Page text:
2004 – 2013: Representing, Supporting and Educating in the Face of Increasing Regulatory Burdens

Home 2004 – 2013: Representing, Supporting and Educating in the Face of Increasing Regulatory Burdens

Navigating Regulatory Waters

The period 2004 – 2013 saw significant regulatory changes that impacted the healthcare sector. The ASA engaged with the Productivity Commission, AHPRA, and ACSQHC to address these changes. The ASA advocated for consistent standards and separate administration of these functions, anticipating potential conflicts with professional standards.

Building a Stronger Anaesthesia Workforce

Workforce studies were a major focus, with the ASA conducting member surveys to address concerns about employment and training capacity. The 2005 Productivity Commission review led to the concept of “task substitution” and the eventual establishment of the National Registration and Accreditation Scheme (NRAS) in 2010. The ASA highlighted the oversupply and maldistribution of anaesthetists, hosting a Workforce Summit in 2013 to advocate for better workforce distribution.

Economic Empowerment

The ASA achieved significant economic advancements for its members, including the inclusion of new anaesthesia items in the MBS, increased DVA payments aligned with Private Health Insurers’ RVG schedules, significant increases in Workcover payments, and the standard practice of Informed Financial Consent following an ASA campaign.

Professional Advocacy

The ASA’s Professional Issues Advisory Committee (PIAC) was established in 2005, advising the ASA Council on various issues, including the Good Medical Practice guidelines, the WHO Surgical Safety Checklist, and mandatory notification policies. PIAC played a crucial role in supporting vocational training and member support initiatives.

Setting Standards

ASA significantly contributed to professional conduct and education through the formulation of a Code of Conduct in 2005, introduction and review of Position Statements to aid members in navigating the evolving professional environment, creation of IAMONLINE Modules for online learning, and establishment of ANZTADC in 2006 to collect anaesthesia critical incidents online.

ASA's Evolution

Mark Carmichael was appointed CEO in 2012, and in 2013, ASA moved to North Sydney, NSW. During this period, “Anaesthesia and Intensive Care” journal celebrated four decades, and “Australian Anaesthetist” magazine replaced ASA News. The ASA PhD Support Grants were created in 2005, the Global Oximetry Project was initiated in 2010, and the 8th International Symposium on the History of Anaesthesia was held in 2013. The role of the anaesthetist as a perioperative physician was identified, communication workshops were conducted, and support was given to members in need. ASA members also supported the World Federation of Societies of Anaesthesiologists Congresses in Paris (2004), Cape Town (2008), and Buenos Aires (2012). This decade saw a significant increase in ASA membership.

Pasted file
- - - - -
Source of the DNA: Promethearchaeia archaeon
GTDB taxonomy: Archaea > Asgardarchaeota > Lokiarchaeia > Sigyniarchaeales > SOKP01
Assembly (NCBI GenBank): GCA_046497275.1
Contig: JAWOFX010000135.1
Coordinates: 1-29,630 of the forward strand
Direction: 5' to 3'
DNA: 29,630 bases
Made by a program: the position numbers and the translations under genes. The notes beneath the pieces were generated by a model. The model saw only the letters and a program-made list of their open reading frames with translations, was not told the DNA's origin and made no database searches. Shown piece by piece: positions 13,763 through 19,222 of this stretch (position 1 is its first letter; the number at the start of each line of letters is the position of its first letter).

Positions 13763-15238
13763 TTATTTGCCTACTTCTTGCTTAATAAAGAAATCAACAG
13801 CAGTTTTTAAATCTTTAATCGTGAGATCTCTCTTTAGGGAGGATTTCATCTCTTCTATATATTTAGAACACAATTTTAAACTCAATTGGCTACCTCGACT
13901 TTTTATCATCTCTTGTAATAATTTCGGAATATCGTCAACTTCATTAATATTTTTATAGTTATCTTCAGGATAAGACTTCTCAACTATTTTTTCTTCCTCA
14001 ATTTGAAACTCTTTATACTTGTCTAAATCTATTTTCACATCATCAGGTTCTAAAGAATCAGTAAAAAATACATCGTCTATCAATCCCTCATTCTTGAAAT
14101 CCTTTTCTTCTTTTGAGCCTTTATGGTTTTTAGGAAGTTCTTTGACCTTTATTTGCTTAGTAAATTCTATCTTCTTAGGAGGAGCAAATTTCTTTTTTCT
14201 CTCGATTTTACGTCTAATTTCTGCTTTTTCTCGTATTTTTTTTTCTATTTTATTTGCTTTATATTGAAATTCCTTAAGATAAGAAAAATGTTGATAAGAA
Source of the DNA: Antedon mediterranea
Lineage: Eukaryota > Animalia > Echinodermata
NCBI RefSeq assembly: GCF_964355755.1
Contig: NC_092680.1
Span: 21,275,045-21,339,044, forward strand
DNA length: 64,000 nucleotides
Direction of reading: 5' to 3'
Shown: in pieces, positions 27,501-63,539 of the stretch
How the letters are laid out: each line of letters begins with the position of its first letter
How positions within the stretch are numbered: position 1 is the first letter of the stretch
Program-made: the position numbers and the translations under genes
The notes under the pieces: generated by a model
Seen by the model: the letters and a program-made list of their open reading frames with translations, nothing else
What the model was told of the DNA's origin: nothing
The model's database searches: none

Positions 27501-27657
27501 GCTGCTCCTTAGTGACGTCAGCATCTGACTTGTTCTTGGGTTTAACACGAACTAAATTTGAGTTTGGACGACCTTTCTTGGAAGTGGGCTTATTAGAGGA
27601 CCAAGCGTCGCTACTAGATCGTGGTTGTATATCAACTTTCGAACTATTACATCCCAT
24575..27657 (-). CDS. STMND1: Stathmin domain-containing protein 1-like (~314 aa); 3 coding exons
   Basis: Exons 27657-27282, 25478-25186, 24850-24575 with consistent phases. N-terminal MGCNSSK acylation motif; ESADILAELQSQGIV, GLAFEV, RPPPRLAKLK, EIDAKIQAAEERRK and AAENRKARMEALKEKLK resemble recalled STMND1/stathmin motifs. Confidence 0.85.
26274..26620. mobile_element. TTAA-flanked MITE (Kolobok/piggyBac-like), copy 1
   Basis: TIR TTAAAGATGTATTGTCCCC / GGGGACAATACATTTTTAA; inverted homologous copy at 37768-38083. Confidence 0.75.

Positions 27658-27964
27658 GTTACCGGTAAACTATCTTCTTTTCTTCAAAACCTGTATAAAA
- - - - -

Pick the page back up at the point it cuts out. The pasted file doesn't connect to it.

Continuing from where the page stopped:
ASA attendees at the WFSA Congress in Paris (2004) visiting the battlefields of the Somme

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ASA 2004-2013: Representing, Supporting, Educating in the Face of Increasing Regulatory Burdens


The period from 2004 to 2013 was a transformative decade for the Australian Society of Anaesthetists (ASA). Although the crises of runaway medical indemnity costs and indemnifier instability were addressed, the era was marked by significant political instability. This instability was reflected in the rapid turnover of leadership, with five Prime Ministers and four Federal Health Ministers over ten years, each bringing different plans and perspectives on healthcare.

Navigating Regulatory Waters

In response to the increasing regulatory burdens, the ASA made numerous submissions to both government and non-government agencies. These included addressing the Australian Commission on Safety and Quality in Health Care (ACSQHC) and its various standards, contributing to the Productivity Commission’s report on Australia’s health workforce in 2006, and engaging with the National Health Workforce Taskforce established the same year. The ASA also responded to the National Registration and Accreditation Scheme (NRAS), which commenced on 1 July 2010, and addressed issues such as “mandatory notification,” “Lead Clinicians Groups,” and “Improving Maternity Services in Australia.” Additionally, the ASA engaged with the Independent Hospital Pricing Authority and vocational training in the private sector.

Building a Stronger Anaesthesia Workforce

The rapid growth of the medical workforce, and by extension, the anaesthesia workforce, raised concerns among ASA members. These concerns centred on the potential hindrance to the consolidation of skills for new specialists and the risk of deskilling among more senior anaesthetists. Over the decade, the number of medical graduates more than doubled from 1,300 to 3,100 annually, the number of vocational trainees in anaesthesia increased to about 1,200, and the total number of specialist anaesthetists grew by 40% to approximately 4,200.